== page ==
The Appellate Court agreed with Camacho and cited Terry v. Ohio, wherein it states that a police officer may briefly detain an individual for questioning if the officer “reasonably suspects that the person apprehended is committing or has committed a crime. The reasonable suspicion standard is an intermediate, indeterminate standard that requires more than a mere hunch. It demands a “particularized and objective basis” for suspecting the person stopped of criminal activity. The suspicion must be both reasonable and “grounded in specific and articulate facts.” The Appellate Court’s opinion was that the police officers lacked an objectively reasonable particularized basis for suspecting Camacho of criminal activity and that the initial questioning of Camacho was instead an unreasonable seizure in violation of the Fourth Amendment. And further, that the officers’ conduct “amounted to a flagrant violation of the core of Camacho’s Fourth Amendment right against unreasonable seizures.”

The Appellate Court further concluded that regardless of whether or not the frisk and discovery of the gun was legal, the gun was so tainted by the illegal stop that it should have been suppressed as “fruit of the poisonous tree.” The discovery of the gun was a direct result of the officer’s’ original unlawful seizure of Camacho. The Appellate Court concluded that the district court erred in denying Camacho’s motion to suppress the firearm and ammunition and the Judgment of the District Court was reversed.

The Appellate Court’s decision was later reversed on Appeal by the United States. Citing case law, The United States Circuit Court held that in this case, the suspicion may be modest; but the intrusion is similarly modest and the need for prompt inquiry is compelling. They further found that in questioning Camacho, the police acted reasonably and that “reasonableness, as it happens, is the standard set by the Fourth Amendment itself. ”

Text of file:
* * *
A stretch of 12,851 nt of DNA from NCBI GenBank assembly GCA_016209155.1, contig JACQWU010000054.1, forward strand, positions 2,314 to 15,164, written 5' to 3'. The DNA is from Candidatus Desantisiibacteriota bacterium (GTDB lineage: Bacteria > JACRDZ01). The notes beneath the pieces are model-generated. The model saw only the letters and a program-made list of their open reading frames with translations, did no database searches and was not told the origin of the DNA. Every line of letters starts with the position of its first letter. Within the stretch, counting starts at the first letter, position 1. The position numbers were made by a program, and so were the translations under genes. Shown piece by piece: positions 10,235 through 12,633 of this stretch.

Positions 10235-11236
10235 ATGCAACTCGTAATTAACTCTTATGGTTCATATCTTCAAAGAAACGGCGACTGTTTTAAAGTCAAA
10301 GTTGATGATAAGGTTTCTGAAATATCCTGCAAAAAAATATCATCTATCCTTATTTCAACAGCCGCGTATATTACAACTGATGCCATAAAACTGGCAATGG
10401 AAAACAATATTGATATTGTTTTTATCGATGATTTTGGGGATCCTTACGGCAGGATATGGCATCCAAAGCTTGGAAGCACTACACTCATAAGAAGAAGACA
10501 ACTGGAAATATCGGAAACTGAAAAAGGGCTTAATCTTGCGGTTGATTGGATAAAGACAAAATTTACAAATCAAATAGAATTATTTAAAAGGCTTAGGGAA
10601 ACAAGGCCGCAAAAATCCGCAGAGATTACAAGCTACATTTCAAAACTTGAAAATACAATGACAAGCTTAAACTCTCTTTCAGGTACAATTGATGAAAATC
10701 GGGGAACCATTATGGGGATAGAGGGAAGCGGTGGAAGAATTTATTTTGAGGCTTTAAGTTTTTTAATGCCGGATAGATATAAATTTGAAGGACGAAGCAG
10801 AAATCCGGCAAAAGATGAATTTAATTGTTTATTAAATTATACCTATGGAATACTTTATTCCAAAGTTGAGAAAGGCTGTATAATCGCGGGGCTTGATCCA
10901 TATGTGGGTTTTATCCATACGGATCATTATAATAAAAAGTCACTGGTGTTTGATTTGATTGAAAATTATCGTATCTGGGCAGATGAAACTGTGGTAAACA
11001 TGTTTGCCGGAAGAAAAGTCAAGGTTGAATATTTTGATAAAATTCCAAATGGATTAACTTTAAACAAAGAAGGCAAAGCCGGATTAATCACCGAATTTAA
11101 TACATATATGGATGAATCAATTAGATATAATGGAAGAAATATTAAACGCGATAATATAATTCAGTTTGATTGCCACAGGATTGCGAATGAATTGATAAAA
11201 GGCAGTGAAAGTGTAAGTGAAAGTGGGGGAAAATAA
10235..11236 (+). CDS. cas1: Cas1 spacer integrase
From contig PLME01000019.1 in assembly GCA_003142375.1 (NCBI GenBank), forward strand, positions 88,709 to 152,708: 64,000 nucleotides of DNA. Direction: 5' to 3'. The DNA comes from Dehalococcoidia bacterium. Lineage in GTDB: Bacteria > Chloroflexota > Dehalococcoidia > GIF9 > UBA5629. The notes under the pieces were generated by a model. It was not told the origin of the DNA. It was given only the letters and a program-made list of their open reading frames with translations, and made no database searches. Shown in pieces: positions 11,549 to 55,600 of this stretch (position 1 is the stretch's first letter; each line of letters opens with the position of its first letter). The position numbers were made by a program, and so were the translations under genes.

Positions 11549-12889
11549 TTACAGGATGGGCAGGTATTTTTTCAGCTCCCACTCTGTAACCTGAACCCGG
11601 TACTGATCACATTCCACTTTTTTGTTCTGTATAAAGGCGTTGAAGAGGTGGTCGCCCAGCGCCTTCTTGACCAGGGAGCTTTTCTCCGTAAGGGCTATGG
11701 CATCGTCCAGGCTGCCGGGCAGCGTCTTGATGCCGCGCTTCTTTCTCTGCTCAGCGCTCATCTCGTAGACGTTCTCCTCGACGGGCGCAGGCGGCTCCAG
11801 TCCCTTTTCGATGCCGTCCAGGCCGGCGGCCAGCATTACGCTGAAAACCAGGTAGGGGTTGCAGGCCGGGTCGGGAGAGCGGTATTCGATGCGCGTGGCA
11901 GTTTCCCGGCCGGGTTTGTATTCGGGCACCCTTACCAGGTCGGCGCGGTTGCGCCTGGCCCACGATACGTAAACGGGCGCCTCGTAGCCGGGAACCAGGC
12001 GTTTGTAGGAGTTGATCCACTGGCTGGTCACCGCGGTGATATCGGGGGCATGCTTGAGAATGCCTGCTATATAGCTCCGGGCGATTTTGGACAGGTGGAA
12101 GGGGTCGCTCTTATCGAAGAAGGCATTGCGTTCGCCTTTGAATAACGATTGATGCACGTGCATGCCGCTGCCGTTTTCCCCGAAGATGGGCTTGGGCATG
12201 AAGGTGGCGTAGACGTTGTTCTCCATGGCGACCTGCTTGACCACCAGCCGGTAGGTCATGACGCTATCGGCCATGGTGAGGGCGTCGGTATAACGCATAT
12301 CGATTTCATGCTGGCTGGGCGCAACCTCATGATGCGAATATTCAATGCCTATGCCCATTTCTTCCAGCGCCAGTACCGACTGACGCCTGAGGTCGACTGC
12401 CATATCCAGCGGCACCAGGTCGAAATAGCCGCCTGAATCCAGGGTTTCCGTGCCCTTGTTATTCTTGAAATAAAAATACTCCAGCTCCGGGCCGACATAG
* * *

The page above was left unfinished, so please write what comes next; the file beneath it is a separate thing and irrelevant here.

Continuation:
Anyone who has been arrested and/or charged with a crime as a result of a stop and search should contact an experienced criminal defense attorney. An attorney who has the experience and knowledge to protect your rights as it applies to the US Constitutionhttps://www.williamweinberg.com/ will know whether or not there your rights were violated and thereby leading to the possibility of having evidence suppressed and/or the case being dismissed.

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A federal grand jury charged Appellant Angel Camacho with one count of unlawful possession of a firearm and ammunition by prior felon and one count of possession of a firearm with an obliterated serial number. Appellant filed a motion to suppress the firearm and ammunition evidence on the grounds that they were obtained through an illegal search and seizure, in violation of the Fourth Amendment. The trial judge denied the motion. Camacho then entered conditional guilty pleas on both counts, reserving his right to challenge the trial judge’s suppression ruling on appeal. The district court sentenced him to the mandatory minimum sentence of 15 years in prison one Court one, to be served concurrently with 5 years in prison on Court Two, followed by 5 years of formal probation. As an Orange County Criminal Defense Attorney, protecting my clients’ constitutional rights is my number one priority.